My Night With Billy Pfalmer

Note: Originally written 2/27/16

My Night With Billy Pfalmer

Billy Pfalmer was a senior when I was a freshman at Durango High School. I knew of him because he played in a punk band called the Randibles. Billy was certainly a punk. He had bright blonde shaggy hair, he was tall and slim, and his eyes had dark bags under them, like he was always stoned. His clothes were all baggy, and his jeans hung down low, which was the style of the nineties and early 2000's. I had never spoken to him, but I had seen his band play at a school battle of the bands. I didn't understand punk music then, and seeing Billy sing and yell into the microphone while the other band members thrashed and drove through these frantically fast one or two minute songs was a lot for me to take in. The only words that I could understand from their fifteen minute set was when Billy moaned into the mic: "I wish I could have it my fucking way . . ." Nevertheless, the Randibles were a band that I had long known about from my older friends; they were somewhat like local legends in the small mountain town of Durango. Billy Pfalmer was the essence of punk, in my mind, and in the minds of many others. His band was an expression of himself, and the first time I saw him perform, although I didn't understand it, I was impressed while witnessing the legend that was Billy Pfalmer.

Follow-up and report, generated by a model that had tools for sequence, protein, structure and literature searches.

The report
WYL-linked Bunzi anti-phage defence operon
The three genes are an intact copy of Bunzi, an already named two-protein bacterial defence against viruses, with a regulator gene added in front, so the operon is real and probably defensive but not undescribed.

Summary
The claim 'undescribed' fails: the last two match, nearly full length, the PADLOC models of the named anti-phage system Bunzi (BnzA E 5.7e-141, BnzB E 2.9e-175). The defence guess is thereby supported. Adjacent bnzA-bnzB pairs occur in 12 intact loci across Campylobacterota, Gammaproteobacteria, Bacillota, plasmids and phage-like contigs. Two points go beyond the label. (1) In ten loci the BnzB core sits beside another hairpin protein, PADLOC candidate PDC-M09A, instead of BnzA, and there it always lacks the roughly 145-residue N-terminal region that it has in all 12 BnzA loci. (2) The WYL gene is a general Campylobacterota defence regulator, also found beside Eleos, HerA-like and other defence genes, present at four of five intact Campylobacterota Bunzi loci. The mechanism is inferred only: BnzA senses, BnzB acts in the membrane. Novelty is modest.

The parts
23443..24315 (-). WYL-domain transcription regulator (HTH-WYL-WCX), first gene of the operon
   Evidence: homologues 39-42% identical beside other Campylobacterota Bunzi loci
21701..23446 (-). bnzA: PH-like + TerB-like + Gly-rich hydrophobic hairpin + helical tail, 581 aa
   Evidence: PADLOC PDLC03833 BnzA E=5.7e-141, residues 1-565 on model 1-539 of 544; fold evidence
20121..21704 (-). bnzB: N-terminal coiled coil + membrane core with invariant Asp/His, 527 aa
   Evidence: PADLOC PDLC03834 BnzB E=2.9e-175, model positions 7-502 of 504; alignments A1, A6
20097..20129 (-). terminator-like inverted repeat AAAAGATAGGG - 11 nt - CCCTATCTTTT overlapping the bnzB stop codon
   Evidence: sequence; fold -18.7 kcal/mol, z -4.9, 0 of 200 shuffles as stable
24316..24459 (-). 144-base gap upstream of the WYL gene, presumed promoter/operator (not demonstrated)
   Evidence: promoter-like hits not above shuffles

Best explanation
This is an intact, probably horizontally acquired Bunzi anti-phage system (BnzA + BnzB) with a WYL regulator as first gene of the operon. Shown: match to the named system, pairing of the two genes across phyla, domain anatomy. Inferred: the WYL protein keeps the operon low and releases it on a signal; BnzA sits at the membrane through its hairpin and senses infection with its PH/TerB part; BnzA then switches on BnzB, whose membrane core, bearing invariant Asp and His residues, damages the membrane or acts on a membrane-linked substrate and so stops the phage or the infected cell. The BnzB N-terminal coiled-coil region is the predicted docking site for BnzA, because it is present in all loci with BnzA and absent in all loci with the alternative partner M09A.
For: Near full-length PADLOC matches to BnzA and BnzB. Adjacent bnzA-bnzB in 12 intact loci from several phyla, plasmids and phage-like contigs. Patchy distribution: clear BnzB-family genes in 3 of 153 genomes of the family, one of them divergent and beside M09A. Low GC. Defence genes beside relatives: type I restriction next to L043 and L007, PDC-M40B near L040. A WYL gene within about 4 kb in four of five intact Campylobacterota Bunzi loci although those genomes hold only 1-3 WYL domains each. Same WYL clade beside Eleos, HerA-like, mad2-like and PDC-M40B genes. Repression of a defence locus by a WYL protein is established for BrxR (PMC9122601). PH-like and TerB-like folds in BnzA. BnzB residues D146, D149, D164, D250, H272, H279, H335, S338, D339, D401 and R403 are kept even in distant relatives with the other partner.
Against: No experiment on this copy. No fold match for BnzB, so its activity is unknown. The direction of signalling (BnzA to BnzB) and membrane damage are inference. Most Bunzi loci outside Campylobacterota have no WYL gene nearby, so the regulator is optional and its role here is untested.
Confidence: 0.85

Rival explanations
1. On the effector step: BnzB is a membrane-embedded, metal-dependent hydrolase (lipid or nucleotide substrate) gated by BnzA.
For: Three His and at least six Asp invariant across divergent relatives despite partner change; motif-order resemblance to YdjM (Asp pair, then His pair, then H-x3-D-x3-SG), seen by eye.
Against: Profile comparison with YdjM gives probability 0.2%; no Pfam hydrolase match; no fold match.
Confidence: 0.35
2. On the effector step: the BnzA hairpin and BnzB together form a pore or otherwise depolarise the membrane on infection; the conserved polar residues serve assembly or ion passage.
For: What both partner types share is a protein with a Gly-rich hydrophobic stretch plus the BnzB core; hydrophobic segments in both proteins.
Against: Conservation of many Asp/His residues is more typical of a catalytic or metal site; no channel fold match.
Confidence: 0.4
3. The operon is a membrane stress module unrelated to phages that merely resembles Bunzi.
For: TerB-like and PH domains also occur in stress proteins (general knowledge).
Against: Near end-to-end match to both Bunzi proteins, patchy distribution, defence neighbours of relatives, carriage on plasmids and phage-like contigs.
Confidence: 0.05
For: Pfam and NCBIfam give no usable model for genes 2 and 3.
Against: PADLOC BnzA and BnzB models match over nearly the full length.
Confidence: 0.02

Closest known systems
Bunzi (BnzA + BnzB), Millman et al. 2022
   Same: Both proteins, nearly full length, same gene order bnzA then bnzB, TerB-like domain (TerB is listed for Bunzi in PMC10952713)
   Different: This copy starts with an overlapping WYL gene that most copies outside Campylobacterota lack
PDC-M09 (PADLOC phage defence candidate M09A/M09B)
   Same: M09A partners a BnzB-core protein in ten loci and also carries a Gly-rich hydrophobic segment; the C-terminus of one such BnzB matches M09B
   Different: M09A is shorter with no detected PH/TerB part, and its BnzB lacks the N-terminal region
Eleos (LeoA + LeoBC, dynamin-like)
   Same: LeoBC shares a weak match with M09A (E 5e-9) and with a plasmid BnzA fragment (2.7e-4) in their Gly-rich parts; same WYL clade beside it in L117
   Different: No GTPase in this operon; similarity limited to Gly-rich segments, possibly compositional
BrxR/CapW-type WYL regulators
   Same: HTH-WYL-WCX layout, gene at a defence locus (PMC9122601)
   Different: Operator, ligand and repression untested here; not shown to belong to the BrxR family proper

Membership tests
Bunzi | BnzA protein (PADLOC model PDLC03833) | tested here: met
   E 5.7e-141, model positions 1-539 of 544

The next year, Billy graduated, and I remained in high school. I forgot all about him. When I was a junior, I started doing a few drugs and drinking a bit, and some of my friends that I hung out with were older than me, around Billy's age. One of my friends, Boo Burnier, worked with me at the hot springs near my house in Hermosa Valley, north of town. Boo was Asian. He had a nice car, a red Eclipse; he and I would sit out back of the front office and smoked rolled cigarettes and talk and laugh about things. Boo was super fucking cool; he was older than me, and it made me feel cool to hang out with him. One day, he asked me if I wanted to come along with him to a punk show, and I could drive him home afterwards because he wanted to drink. I said sure, and he asked me if I could drive stick. I said I could, even though I'd never done it before, because I really wanted to go. I had never been to a punk show, but I really wanted to now, because I was partying a little bit and I was starting to feel a little like a punk. Boo picked me up outside my house and drove us to the VFW, where the show was. I was excited and a little nervous.